Tom Lord <email@example.com> writes:
> One of the (unstated?) goals in Subversion was to keep the
> server's semantics very simple, and push as much as possible
> into the clients.
> Very close to that idea, and, imo a better idea, is to not only keep
> the server semantics simple, but also to make a very simple client
> (both interactive and, in multiple ways, programmatic). Then strictly
> layer the "CVS replacement" UI (whatever that means) over that.
[I have the feeling that if it were not so late, I wouldn't have
written so much here. I hope it is coherent.]
I think you're getting at "hackability". I really hope Subversion is
I usually get funny looks when I say that how easy something is to
explain --- and I mean, explain well enough that your listener can go
start using the thing --- should be a primary concern. Generally,
folks are happy to handle each problem by adding a new wrinkle,
introducing a new concept to the API, but over time, I believe those
wrinkles increase the initial investment of mind needed to use the
thing to the point where the project just isn't as exciting any more
to the hacking public. They raise the hacktivation energy needed.
You've really got to have a few simple concepts that get you almost
all the way there, because you can't afford more than that before you
start losing people.
This is one of the reasons I like Greg Hudson's protocol so much more
than DAV. When I read the DAV specs, my eyes glaze over faster than
donuts in a Krispy Kreme factory. No offense meant to the amazing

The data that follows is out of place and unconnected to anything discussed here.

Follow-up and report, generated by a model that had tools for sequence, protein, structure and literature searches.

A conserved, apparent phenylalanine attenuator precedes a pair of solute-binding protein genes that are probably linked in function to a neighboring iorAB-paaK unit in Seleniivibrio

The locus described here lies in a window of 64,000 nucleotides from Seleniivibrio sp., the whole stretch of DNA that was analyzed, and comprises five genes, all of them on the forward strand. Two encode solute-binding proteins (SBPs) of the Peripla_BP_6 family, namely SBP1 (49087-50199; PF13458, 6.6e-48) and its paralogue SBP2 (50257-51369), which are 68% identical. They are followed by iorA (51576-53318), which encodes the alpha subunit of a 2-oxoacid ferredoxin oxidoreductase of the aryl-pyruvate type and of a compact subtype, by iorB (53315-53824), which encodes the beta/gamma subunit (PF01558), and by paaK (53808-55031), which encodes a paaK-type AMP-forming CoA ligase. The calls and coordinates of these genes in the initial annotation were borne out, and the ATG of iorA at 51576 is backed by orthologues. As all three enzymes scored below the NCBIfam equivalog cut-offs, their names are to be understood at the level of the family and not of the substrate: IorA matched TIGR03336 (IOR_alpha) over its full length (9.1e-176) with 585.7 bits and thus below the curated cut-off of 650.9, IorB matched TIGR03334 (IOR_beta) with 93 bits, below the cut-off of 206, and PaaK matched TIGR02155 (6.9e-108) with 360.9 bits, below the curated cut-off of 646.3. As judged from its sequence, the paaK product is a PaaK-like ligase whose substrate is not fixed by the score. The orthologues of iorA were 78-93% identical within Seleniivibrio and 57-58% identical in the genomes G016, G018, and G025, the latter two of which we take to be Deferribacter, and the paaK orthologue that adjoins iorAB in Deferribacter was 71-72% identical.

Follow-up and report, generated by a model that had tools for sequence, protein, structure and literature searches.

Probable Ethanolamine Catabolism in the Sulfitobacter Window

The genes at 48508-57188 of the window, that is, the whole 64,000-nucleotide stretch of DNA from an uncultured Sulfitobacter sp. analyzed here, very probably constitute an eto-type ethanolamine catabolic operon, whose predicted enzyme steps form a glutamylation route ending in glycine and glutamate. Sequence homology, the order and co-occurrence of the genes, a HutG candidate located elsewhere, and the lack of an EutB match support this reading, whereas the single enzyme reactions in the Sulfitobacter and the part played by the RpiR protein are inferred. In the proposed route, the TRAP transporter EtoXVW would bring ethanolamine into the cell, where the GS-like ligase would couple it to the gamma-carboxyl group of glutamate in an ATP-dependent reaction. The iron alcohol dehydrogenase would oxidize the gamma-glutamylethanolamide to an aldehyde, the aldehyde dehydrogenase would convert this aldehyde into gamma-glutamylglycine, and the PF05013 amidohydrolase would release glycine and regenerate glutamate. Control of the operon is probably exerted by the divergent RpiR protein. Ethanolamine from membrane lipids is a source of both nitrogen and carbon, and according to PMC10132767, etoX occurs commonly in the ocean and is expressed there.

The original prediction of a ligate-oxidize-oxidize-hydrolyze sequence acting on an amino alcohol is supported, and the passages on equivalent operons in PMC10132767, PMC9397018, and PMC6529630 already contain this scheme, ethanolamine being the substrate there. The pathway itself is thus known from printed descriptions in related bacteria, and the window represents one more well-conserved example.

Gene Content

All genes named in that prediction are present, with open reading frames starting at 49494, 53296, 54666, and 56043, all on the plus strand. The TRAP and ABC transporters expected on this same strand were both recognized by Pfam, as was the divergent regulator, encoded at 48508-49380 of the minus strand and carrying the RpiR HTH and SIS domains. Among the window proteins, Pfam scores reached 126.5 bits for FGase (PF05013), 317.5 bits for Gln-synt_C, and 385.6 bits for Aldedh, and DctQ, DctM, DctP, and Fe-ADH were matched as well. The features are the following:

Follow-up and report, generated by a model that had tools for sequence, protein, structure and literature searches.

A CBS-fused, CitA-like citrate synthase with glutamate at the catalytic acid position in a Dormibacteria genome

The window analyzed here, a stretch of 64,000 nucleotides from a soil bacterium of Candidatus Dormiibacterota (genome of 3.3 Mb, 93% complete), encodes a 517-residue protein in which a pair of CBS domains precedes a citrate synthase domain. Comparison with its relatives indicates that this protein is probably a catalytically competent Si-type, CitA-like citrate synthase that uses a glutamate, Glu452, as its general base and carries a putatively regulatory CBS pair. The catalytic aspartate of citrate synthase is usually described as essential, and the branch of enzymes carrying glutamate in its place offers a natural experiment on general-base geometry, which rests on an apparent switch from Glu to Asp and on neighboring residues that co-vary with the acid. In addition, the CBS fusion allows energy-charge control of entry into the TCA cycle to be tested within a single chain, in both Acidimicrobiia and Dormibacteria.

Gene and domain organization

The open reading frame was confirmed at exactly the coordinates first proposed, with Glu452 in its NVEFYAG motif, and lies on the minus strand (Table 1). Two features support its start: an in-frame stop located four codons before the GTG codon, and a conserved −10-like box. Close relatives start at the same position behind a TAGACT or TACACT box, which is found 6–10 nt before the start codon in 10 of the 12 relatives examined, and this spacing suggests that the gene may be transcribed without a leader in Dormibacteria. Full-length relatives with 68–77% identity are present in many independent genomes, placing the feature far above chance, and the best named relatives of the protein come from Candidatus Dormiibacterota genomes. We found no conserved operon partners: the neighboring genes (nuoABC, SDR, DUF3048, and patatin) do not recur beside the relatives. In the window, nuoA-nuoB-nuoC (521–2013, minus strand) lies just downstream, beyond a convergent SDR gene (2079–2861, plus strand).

contributions Greg Stein has made to Subversion (I usually keep my
reservations about DAV to myself in appreciation of his efforts), but
he has just never seen DAV's complexity as much of a problem.
In contrast, I'll predict that, because anyone can look at a trace of
Greg Hudson's protocol and start writing their own thing that speaks
it just fine, anyone will, and you'll see a ton of interesting stuff
come out of that. (I guess the mindshare DAV holds will ensure
interesting stuff on that front, too. Subversion benefits either
The filesystem does have a well-defined interface and semantics all by
itself, in the absence of any network protocol, working copies,
etc. at all. This was to help people write other tools that work on
And generally structuring Subversion as a bunch of libraries was, at
least in part, another attempt to increase its hackability: since
there are a bunch of internal interfaces designed carefully enough
that one can learn and use them, people have a lot more options for
where to plug new and weird stuff in. If you understand Subversion's
'editors', you can go a long way.
Sure, some of those interfaces still have only one client, so they may
have gotten all wrinkly and incestuous. But the principle is
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Received on Sat Dec 14 09:05:37 2002